Divorce

What Did I Do?

It is our honor to share with you, in no particular order, three honorable mentions selected from the bounty of our Lenten writing contest submissions. We simply could not let these treasures go unread.

This first selection written by Katie Fischer features a line that I wish I had written myself. I’ll leave it to you to figure out which one it is.


iu-3 2“What did I do to deserve this, Lord?”

Even at the time I knew it was my doubts and unbelieving sinful nature that gave me those words to say, but I was sad and angry and I didn’t care. I had been praying for years for my husband’s faith and yet on that day he was still off, joining another denomination. Finalizing the break in our Communion fellowship. 

I had pleaded my cause in prayer for so long I felt I had nothing to pray that day – only despair.

Unheard, unloved, a woman thrust into a position I never wanted to be in. My number one requirement for marriage was a man who could be my spiritual head, to lead our family in the faith, and who would train our children in the words of the catechism. And yet here I was: unequally yoked and having to take up the headship not intended for me.

I knew the world was broken by sin and we are supposed to do the best with what we have, but I didn’t want that for me. I had prayed for unity of confession within our family countless times, a good gift to desire, and it was like my prayers had fallen on deaf ears. 

The years kept passing. I couldn’t change the situation, but I also wouldn’t accept it. In waves the frustrations would resurface to bring a full renewal of the grief.

Usually when my children practice their choir music I don’t purposefully listen in. Not that it’s bad, much to the contrary, I know I’m going to be steeped in it for the next month or two and can take my time to enjoy it. But one day I heard their little voices working on the antiphon, “Delight yourself in the Lord, and He will give to you the desires of your heart” (Psalm 37:4).

I immediately tuned in. I’d heard the verse before. It usually hurt because the desire of my heart received a “no” day after day, year after year. Whether it was due to the recent sermon or the Bible study, I can’t remember which, but that day was different. Instead of hearing it as a rule to follow to get my reward, it was a promise. If my delight is in the Lord He will be my desire and I know He Himself – His mercy and forgiveness flowing from His death on the cross – is what He has promised to give me.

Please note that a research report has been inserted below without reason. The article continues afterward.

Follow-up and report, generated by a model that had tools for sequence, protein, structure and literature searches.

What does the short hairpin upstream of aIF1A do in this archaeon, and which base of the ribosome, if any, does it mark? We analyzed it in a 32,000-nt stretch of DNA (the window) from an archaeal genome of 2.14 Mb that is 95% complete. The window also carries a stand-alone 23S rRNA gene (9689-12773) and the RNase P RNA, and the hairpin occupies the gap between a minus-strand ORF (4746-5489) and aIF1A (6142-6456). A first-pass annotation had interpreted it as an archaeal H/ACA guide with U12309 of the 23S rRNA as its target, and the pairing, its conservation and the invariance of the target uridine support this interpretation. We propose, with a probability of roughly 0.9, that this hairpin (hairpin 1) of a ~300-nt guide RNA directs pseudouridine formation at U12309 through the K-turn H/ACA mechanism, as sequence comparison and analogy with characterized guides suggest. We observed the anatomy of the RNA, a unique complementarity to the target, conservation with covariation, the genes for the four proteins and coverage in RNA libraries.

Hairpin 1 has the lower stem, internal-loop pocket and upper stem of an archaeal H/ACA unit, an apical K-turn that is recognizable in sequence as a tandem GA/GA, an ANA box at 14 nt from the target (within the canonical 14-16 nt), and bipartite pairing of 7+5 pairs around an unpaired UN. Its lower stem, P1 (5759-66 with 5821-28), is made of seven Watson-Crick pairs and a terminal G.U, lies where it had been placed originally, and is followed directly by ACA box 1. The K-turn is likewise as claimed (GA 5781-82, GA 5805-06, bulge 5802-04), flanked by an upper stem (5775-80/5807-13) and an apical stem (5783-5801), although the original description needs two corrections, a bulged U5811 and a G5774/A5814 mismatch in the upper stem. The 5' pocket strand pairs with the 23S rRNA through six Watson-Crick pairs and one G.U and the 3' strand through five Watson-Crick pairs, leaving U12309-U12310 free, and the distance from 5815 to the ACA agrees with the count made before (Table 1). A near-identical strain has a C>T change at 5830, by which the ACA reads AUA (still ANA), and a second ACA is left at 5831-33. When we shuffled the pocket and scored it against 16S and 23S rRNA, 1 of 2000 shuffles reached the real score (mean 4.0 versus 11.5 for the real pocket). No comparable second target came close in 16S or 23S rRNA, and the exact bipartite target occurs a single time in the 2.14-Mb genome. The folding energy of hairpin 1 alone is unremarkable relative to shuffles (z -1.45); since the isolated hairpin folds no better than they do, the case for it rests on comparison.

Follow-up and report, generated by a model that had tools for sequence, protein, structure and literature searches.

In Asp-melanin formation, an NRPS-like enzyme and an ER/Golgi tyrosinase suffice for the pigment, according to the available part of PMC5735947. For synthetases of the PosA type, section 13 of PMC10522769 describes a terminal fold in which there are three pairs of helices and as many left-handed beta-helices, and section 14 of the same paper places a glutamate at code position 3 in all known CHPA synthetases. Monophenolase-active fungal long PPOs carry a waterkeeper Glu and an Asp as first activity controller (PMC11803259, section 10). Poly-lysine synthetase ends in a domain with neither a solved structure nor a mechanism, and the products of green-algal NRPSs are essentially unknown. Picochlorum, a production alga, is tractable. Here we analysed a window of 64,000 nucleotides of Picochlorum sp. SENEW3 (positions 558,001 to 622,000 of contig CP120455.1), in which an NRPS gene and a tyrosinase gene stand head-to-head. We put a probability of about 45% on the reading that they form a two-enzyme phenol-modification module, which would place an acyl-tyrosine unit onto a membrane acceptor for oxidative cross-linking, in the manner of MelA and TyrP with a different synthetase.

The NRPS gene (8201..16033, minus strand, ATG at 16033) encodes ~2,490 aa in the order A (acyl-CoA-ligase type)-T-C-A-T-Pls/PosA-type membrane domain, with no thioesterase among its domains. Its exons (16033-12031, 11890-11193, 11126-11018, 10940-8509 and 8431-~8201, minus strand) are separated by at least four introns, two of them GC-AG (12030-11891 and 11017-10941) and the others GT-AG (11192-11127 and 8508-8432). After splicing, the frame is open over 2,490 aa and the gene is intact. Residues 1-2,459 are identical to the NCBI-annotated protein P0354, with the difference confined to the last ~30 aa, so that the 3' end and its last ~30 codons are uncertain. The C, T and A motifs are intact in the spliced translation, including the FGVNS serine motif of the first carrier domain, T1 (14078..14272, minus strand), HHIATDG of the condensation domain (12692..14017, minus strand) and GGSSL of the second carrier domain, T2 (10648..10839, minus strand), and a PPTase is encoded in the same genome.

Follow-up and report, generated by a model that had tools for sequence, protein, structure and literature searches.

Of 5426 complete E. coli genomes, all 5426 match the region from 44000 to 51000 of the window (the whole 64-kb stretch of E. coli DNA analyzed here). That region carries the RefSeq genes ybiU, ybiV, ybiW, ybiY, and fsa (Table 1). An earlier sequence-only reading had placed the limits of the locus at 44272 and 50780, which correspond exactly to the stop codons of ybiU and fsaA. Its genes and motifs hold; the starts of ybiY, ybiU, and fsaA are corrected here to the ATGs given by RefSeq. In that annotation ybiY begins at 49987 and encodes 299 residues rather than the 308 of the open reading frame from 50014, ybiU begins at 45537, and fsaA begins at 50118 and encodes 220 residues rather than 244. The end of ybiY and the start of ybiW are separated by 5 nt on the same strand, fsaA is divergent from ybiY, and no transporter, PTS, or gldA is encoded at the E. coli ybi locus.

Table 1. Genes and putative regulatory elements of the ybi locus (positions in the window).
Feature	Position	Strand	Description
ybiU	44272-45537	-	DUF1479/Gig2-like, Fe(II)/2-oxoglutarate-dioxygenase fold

It may not be Law, but it was convicting all the same. I, a poor miserable sinner, was not delighting in the Lord. The desires I prayed for were not for the certain promises given in my baptism. I wanted to twist God’s ear to what I decided was most important. I had made an idol and a god out of having a Lutheran husband, thought of it as necessary to my faith, and was still clinging to that idol even after it had been torn away. I had been focusing on the hearts of others and neglecting my own.

When I cried out He had heard; when I prayed He had answered. It was not the answer I expected (or thought I needed) so I turned away and was blind to it. The circumstances that I wanted bent to my own will didn’t change, but through the preaching of the Word my prayers were changed. A good gift can still be an idol, and by keeping my eyes on the one gift I didn’t have I even robbed joy from the good I did have: a loving husband who works hard for his family. There is much more peace in praying for what God has promised than in pleading to keep an idol of my own building. 

That verse, Psalm 37:4, is written on the front page of my hymnal as a reminder, for I certainly need plenty of reminders to lead me back to repentance. For in His mercy He hears and washes me anew every day, even before I cry out for it.

By Katie Fischer

All Kinds of Barrenness

IMG_0211Special thanks to Katy Cloninger for today’s guest post. Her words of empathy, compassion, and truth are a welcome start to the day.


What does it mean to be barren? Merriam-Webster coldly and bleakly defines it as “incapable of producing offspring,” or “not yet or not recently pregnant.” But on a personal level, there are as many kinds of barrenness as there are barren women.

Some women fall into what may be called the classic category: they have never been able to get pregnant, no matter how much they try to “take charge of their fertility.” Others have been able to conceive but not to carry a child to term. Yet others have carried a pregnancy to term, but the baby was stillborn. Lord, have mercy on us all.